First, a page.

July 22, 2019
Note: This article was originally published in our Summer 2019 edition of our On Call newsletter, and has not been updated.
The College held a public consultation for the Fees & Remuneration By-law in May and June.
The College held a public consultation in May and June for the Fees & Remuneration By-law to address the proposed increase in membership fees for 2019-2020.
During the consultation, the College received responses from 39 members which represents a total of 4% of all members.
You can see the general feedback we received and the College’s response below:
General Disappointment & Frustration
A few members responded positively to the proposed change, expressing that they anticipated the fee increase to be even higher due to the unexpected loss of Ministry funding. The majority of responses, however, expressed disappointment with the proposed fee increase. Many members stated that they are underpaid and undervalued, and any fee increase adds to the stress of their work. Many expressed frustrations that, despite winning their case with the Human Rights Tribunal of Ontario regarding pay discrimination based on gender, they haven’t seen a pay increase and the proposed College fee increase exacerbates this issue.
The College is concerned that a small profession, especially one whose membership numbers and compensation are controlled by the government, is burdened with the total costs of regulation. The College has no role to play in increasing numbers of midwives in the province as a means to increase revenue nor in negotiating midwives’ compensation levels. The Ministry of Health and Long-Term Care sets the number of midwives able to practise in Ontario each year, and the number of baccalaureate midwifery education program positions are determined by the Ministry of Training, Colleges, and Universities. The Ministry of Health is also responsible for setting midwives’ compensation rates. The College can, however, continue to work to further reduce costs while still meeting its mandate to regulate in the public interest and provide organizational stability. The College hopes that once revenue exceeds expenses and there are sufficient net assets to draw from for unexpected risks, that fees could be re-examined in the future.
Recommend moving the College out of downtown Toronto
This was a common theme, appearing in 9 of the 39 comments, and has been raised in previous consultations as well. Staff and Council members meet regularly with stakeholders including the Ministry, other health regulatory colleges, the Association of Ontario Midwives, the Office of the Fairness Commissioner, Midwifery Education Programs and the International Midwifery Pre-registration Program. The College benefits from being able to share resources with other Colleges which are located in Toronto. The College is located in mid-Toronto, where rent is more affordable than the downtown core, yet still provides easy access along the Yonge subway line for all staff, Council members, and stakeholders. A move outside of Toronto would mean a sudden loss of all staff which would greatly interrupt services and put the College’s operations and deliverables at significant risk. While the College’s budget for rent and utilities is not significant, when the College’s lease expires in August 2022, we will explore all options to limit expenses in this area.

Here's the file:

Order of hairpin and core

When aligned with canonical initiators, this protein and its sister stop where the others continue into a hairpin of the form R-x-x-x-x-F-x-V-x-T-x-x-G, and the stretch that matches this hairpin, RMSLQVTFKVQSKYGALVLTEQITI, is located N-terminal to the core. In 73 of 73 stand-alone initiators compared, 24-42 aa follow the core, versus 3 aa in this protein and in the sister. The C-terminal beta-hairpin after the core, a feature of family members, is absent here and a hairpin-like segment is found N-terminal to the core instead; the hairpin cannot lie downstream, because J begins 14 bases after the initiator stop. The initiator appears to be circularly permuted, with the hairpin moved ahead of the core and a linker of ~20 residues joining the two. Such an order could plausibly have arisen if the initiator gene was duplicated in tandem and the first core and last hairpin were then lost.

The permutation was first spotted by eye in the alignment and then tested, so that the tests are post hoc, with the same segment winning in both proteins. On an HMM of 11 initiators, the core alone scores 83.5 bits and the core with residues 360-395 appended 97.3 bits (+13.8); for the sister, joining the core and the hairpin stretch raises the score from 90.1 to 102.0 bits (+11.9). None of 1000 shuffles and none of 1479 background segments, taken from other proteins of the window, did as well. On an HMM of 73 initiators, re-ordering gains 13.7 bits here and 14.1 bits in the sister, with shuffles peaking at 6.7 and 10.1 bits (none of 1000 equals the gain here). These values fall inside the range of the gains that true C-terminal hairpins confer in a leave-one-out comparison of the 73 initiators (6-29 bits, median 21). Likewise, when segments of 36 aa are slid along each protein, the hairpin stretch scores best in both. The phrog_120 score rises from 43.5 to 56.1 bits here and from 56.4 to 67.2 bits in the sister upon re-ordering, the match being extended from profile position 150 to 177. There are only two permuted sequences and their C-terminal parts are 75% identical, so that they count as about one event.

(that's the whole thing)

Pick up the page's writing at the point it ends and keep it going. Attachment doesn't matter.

Recommend lower fees for some, including new registrants, inactive members, and part-time midwives, and increase payment plan options.
The feedback in this area was valuable and will be noted to inform future discussion around fees. The College presently offers an Inactive Class with a 50% reduced membership fee. Initial registration fees continue to be pro-rated based on the months of practice before registration renewal in October. The College cannot meet its budgetary requirements and offer lesser fees for new registrants and those working less than full time or further reduce Inactive class fees at this time. The College commits to look at this alternative and/or additional reduction of fees once the College’s revenue exceeds expenses and there are sufficient net assets to mitigate unexpected risks.
2019-2020 Registration Fees
The College is pleased to announce that Council has approved a $50 reduction in the proposed membership fee increase for the General class. This adjustment comes after meeting with Council to present and discuss feedback from our Fees & Remuneration By-law public consultation and having more success than anticipated with reduced spending in 2018-2019.
The Inactive class of registration will not be affected by these changes, and will increase at 2%, per the existing by-law.
Increasing membership fees is a difficult decision for Council and the College to make. However, in order for the College to fulfill its mandate of public protection and meet the cost of regulation, this increase in membership fees was necessary.
Going forward, the College will continue to evaluate its spending year over year to ensure it is operating as efficiently as possible while still delivering on its mandate. The College will address other recommendations from the consultation feedback in future years.
The College thanks all members for their feedback during this consultation. You can read all the submissions here.